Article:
Yesterday, on World Population Day, the UN Department of Economic and Social Affairs (UN DESA) released its latest World Population Prospects report, marking the next milestones in human populations.
According to the projections, world population will finally reach 8 billion this year, on 15 November to be precise. The next significant dates will be 2030, when the population is expected to reach 8.,5 billion, 2050, with a population of 9.7 billion, and, lastly, 2080, when the population is believed to reach a peak of approximatively 10.4 billion, a level projected to be maintained until 2100.
This year’s World Population Day falls during a milestone year, when we anticipate the birth of the Earth’s 8th billionth inhabitant. Reaching a global population of 8 billion is a numerical landmark, but our focus must always be on people.António Guterres, UN Secretary General
Despite the rapidity at which world population has been increasing over the recent centuries (it only reached the first billion in 1804), it seems the growth rate is actually decreasing. The report reveals that global population is growing at its slowest rate since 1950, in 2020 specifically the growth rate was less than 1%.
The report further shows that birth rates have also decreased worldwide, two thirds of the global population living in a country with a lifetime birth rate of 2.1 births per woman. In a country with low mortality rates, the 2.1 births per woman level is equivalent to no population growth over time. This, along with high emigration, leads to 61 countries being expected to have a negative population growth of -1% by 2050.
The Population Division’s Director John Wilmoth says governmental attempts at affecting birth rates have no impact in the near future, “nevertheless, the cumulative effect of lower fertility, if maintained over several decades, could be a more substantial deceleration of global population growth in the second half of the century.”
Regarding the Covid-19 pandemic, it seems its only overall effect was reducing the global life expectancy to 71 years, from 72.9 in 2019. However, the report shows that life expectancy is generally increasing and the population is aging. By 2050, it is expected that global longevity will be about 77.2 years and the number of people over 65 years old will be more than double that of children under 5 years old and roughly the same as children under 12 years old.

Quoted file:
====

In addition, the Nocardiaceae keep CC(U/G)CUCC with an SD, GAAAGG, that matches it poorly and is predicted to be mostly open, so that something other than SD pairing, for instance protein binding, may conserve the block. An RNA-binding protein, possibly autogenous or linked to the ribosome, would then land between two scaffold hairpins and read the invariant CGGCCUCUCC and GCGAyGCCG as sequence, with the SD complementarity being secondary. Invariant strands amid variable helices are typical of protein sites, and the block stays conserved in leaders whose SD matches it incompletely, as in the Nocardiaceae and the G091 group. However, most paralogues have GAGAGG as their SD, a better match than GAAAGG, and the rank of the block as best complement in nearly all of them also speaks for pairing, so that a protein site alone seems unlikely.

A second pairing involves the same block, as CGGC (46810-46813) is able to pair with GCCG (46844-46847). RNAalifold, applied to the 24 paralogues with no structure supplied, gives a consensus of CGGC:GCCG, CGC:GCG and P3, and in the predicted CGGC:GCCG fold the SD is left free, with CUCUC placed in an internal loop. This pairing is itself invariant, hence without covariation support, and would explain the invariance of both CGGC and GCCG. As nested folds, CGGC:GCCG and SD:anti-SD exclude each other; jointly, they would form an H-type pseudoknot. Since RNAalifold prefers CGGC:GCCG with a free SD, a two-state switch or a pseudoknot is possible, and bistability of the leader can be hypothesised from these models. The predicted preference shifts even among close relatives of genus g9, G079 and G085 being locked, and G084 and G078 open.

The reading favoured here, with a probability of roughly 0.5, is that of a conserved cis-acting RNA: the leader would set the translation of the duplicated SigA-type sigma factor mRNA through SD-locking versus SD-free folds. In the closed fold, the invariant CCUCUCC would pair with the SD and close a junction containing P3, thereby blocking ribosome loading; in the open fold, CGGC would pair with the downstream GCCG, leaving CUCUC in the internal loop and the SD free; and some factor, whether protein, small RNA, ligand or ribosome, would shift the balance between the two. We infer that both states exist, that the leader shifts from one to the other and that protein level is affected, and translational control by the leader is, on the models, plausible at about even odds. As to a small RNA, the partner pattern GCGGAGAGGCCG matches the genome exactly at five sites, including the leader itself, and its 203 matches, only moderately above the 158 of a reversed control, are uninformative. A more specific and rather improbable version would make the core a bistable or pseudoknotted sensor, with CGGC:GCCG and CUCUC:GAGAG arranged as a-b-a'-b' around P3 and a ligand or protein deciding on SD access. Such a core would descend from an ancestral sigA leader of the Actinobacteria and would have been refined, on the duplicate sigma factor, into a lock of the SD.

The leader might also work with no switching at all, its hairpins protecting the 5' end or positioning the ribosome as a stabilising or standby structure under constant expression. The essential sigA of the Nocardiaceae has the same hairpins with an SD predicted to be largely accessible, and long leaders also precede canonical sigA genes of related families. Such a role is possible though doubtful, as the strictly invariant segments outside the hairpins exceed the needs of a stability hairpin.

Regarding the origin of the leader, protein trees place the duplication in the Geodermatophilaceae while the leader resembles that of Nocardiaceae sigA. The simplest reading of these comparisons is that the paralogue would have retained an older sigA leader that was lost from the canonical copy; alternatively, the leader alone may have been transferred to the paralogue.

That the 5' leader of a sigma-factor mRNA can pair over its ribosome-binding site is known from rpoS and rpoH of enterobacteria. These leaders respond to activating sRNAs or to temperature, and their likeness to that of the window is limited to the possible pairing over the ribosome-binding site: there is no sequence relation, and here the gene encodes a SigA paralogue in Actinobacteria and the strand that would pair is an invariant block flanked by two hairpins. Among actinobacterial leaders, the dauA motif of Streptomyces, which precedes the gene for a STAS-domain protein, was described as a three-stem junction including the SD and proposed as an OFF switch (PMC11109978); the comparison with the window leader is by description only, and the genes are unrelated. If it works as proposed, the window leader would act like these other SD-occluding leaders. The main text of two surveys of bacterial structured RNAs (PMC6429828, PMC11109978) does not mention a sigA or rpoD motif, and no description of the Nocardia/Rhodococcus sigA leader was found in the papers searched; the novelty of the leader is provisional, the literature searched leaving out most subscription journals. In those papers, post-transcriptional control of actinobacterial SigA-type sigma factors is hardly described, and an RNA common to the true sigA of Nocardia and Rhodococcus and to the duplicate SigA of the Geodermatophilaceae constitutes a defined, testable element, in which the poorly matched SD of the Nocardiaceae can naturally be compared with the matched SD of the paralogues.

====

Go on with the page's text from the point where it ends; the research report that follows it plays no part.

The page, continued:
This is an occasion to celebrate our diversity, recognize our common humanity, and marvel at advancements in health that have extended lifespans and dramatically reduced maternal and child mortality rates.António Guterres, UN Secretary General
Guterres highlighted that the report is also “a reminder of our shared responsibility to care for our planet and a moment to reflect on where we still fall short of our commitments to one another”. The majority of the growth by 2050 comes from just 8 countries: the Democratic Republic of the Congo, Egypt, Ethiopia, India, Nigeria, Pakistan, the Philippines and the United Republic of Tanzania.
Addressing the rapid population growth in just a few countries, the UN Under-Secretary-General for Economic and Social Affairs Liu Zhenmin warned that “rapid population growth makes eradicating poverty, combatting hunger and malnutrition, and increasing the coverage of health and education systems more difficult” and he pointed out that only by “achieving the Sustainable Development Goals, especially those related to health, education and gender equality, will contribute to reducing fertility levels and slowing global population growth”.